Federal college aid should reward achievement, argues economist Richard Vedder. The expansion of federal aid has “contributed to high dropout rates, mediocre levels of student work effort and academic performance,” underemployment for college graduates and credential inflation, Vedder believes.
Students will have to pass Indiana’s graduation exam to qualify for state-funded college aid under a bill moving through the Legislature, reports the Indianapolis Star. Those at risk of failing the state exam will be offered remedial courses in 12th grade.
Students can graduate without passing the exam by getting a waiver. More than a quarter of Indianapolis Public Schools graduates needed waivers to earn diplomas last year, reports the Star.
“The bill is intended to break a cycle in which a student achieves a high school diploma, enrolls in a college, is given a placement exam and then told they need remediation,” said Dan Clark, executive director of the Education Roundtable. “Then they must use their financial aid to pay for it.”
. . . “Sometimes they go into debt to pay for these courses,” Clark said, “and the evidence is clear very few students who have this cycle ever graduate from an institution of higher education.”
Older students enrolling in college would have to pass placement tests to qualify for state aid under the bill. “I’m worried that this is one more road block,”said Jeff Terp, a senior vice president at Ivy Tech Community College.
The bill’s advocates say students should catch up on basic skills in high school or in adult education courses, rather than taking remedial courses in college.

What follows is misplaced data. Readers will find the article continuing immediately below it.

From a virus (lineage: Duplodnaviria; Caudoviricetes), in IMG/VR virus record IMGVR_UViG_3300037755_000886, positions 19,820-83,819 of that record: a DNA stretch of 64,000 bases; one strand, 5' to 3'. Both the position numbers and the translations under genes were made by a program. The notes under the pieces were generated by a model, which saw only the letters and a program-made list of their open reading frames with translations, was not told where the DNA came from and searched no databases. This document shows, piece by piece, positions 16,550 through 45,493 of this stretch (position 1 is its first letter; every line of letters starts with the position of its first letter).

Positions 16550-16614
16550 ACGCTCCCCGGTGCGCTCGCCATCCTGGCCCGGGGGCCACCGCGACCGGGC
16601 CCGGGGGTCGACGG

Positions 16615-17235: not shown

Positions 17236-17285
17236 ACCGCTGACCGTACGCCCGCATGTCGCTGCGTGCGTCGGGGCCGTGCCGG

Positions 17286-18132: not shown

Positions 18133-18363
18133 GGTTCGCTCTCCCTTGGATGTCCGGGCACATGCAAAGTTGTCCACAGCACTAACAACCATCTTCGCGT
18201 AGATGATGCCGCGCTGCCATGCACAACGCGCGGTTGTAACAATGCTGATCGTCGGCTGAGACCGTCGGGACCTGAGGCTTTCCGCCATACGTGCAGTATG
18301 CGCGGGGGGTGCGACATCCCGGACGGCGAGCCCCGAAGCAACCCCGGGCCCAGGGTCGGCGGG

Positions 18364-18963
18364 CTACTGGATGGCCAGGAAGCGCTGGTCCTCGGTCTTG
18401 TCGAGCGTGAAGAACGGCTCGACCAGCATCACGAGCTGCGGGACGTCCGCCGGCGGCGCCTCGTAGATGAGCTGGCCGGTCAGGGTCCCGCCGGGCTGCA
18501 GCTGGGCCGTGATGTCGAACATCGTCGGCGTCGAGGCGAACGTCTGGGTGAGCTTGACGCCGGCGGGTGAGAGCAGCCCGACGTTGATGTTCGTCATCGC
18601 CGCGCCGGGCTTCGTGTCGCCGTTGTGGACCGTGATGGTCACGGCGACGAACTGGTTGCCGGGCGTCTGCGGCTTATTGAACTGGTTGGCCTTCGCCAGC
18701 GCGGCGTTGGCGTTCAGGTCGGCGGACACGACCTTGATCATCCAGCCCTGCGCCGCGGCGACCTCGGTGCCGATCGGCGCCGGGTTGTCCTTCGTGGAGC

Let’s Draft Our Kids, writes Thomas Ricks, a fellow at the Center for a New American Security, in a New York Times op-ed. His goal is to discourage wars by putting the children of the powerful at risk – and to provide cheap labor for the government.
A revived draft, including both males and females, should include three options for new conscripts coming out of high school. Some could choose 18 months of military service with low pay but excellent post-service benefits, including free college tuition. These conscripts would not be deployed but could perform tasks currently outsourced at great cost to the Pentagon: paperwork, painting barracks, mowing lawns, driving generals around, and generally doing lower-skills tasks so professional soldiers don’t have to. If they want to stay, they could move into the professional force and receive weapons training, higher pay and better benefits.
Actually, mowing lawns or pushing paper on an Army base — with no chance of deployment — isn’t “military” service and won’t put anyone’s kids at risk. The military already uses civilian workers for many routine jobs to avoid wasting the time of highly trained soldiers.
Those who don’t want to serve in the army could perform civilian national service for a slightly longer period and equally low pay — teaching in low-income areas, cleaning parks, rebuilding crumbling infrastructure, or aiding the elderly. After two years, they would receive similar benefits like tuition aid.
Teaching in low-income areas!?! These are teen-age conscripts with no training. For that matter, rebuilding infrastructure? With no training?
And libertarians who object to a draft could opt out. Those who declined to help Uncle Sam would in return pledge to ask nothing from him — no Medicare, no subsidized college loans and no mortgage guarantees. Those who want minimal government can have it.
Many Americans would pledge to take only minimal government help in exchange for minimal taxes, but that’s probably not what Ricks has in mind.
The high cost of finding some sort of work for unskilled 18-year-olds would be offset by providing a “pool of cheap labor” which could be loaned to states and cities, he argues. Ricks imagines unions would let $15,000-a-year (plus room and board) teen custodians do work otherwise performed by professional custodians earning $106,329, the top base salary in New York City. Those construction workers who’d otherwise be rebuilding infrastructure wouldn’t mind if draftees took their jobs.
Even if it were fair to “put millions of innocent people in involuntary servitude so that their parents would become politically active, it won’t work, writes David Henderson. Conscription won’t reduce support for war.